Skip to content →

On The RED Sale

So this came up last night — a sudden request from The Hollywood Reporter’s photo editor for a headshot (god knows if it’ll be used in the print edition or not, all I had to hand was a camphone shot from a couple of years ago) was the first I knew of the story.  Obviously, I was aware we were selling RED to Summit, but things moved very quickly all of a sudden.

First off, I should address the plot synopses in the news story. At this stage, these things are like Chinese whispers, and the versions of the graphic novel and mooted film storylines that hit the newsprint are not necessarily the ones people started off with.

For another, RED is more of a graphic novella, a short and tight book, and a novella doesn’t fill out a film’s running time all on its own. This is an adaptation, not a direct transfer/translation from page to print. What the screenwriters will do is take the core concept of RED — a troubled old man still having nightmares of his role as his government’s monster suffering an attempted murder at the remote hands of a terrified political appointee, and bringing the world of covert assassination back to the agency who wanted to drop him and his body down an Orwellian memory-hole — and expand upon it. The book is, if you like, a folded shape that can unpack into a film.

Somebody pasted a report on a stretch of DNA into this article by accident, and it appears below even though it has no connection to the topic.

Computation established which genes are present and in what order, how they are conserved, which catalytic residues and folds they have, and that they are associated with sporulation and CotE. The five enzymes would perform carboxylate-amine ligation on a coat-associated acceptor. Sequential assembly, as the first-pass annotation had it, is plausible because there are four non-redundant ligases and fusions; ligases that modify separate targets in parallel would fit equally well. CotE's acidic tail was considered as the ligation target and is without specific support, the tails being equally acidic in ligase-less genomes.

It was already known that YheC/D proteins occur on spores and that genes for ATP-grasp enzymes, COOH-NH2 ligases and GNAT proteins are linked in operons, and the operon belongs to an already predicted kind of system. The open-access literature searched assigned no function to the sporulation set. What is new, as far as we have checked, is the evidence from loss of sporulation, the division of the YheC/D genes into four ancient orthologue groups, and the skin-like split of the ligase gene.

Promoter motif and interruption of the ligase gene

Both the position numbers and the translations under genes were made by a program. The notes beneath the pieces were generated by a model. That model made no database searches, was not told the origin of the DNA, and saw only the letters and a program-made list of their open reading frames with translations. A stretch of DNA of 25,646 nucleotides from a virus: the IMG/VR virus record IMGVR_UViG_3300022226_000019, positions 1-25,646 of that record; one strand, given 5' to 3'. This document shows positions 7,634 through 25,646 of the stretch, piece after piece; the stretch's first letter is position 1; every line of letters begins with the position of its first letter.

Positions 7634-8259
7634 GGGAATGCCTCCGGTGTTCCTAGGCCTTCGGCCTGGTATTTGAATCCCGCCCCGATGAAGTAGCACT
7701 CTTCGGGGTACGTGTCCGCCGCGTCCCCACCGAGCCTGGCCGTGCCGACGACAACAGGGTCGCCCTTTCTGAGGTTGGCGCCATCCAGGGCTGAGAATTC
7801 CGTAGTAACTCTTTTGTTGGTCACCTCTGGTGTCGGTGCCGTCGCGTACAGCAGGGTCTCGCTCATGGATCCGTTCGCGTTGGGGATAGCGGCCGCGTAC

And I’m fine with that. Summit bought the right to build upon the story. My only niggle, frankly, is that the news story calls it a Wildstorm/DC book first, and not a Warren Ellis/Cully Hamner book, which is what it is. We went with Summit because they make films like INSOMNIA and MEMENTO with people like Christopher Nolan (and they produced FEAR AND LOATHING IN LAS VEGAS, too).

So, no, I’m fine with the fact that RED, the potential film, will not be exactly the same as RED the graphic novel. That’s understood and expected going into the process. But don’t put too much stock in the synopsis being circulated. It’s unlikely to represent the screenwriters’ exact approach to the material. Give the Hoebers the space to write their film.

And that’s two of my graphic novels that have attached screenwriters in two weeks.  That’s a weird thing to think about.  Within the same two-week period in which I turned in my final draft of the CASTLEVANIA; DRACULA’S CURSE screenplay myself.  Strange days indeed.

Published in brainjuice Work

One Comment

Comments are closed.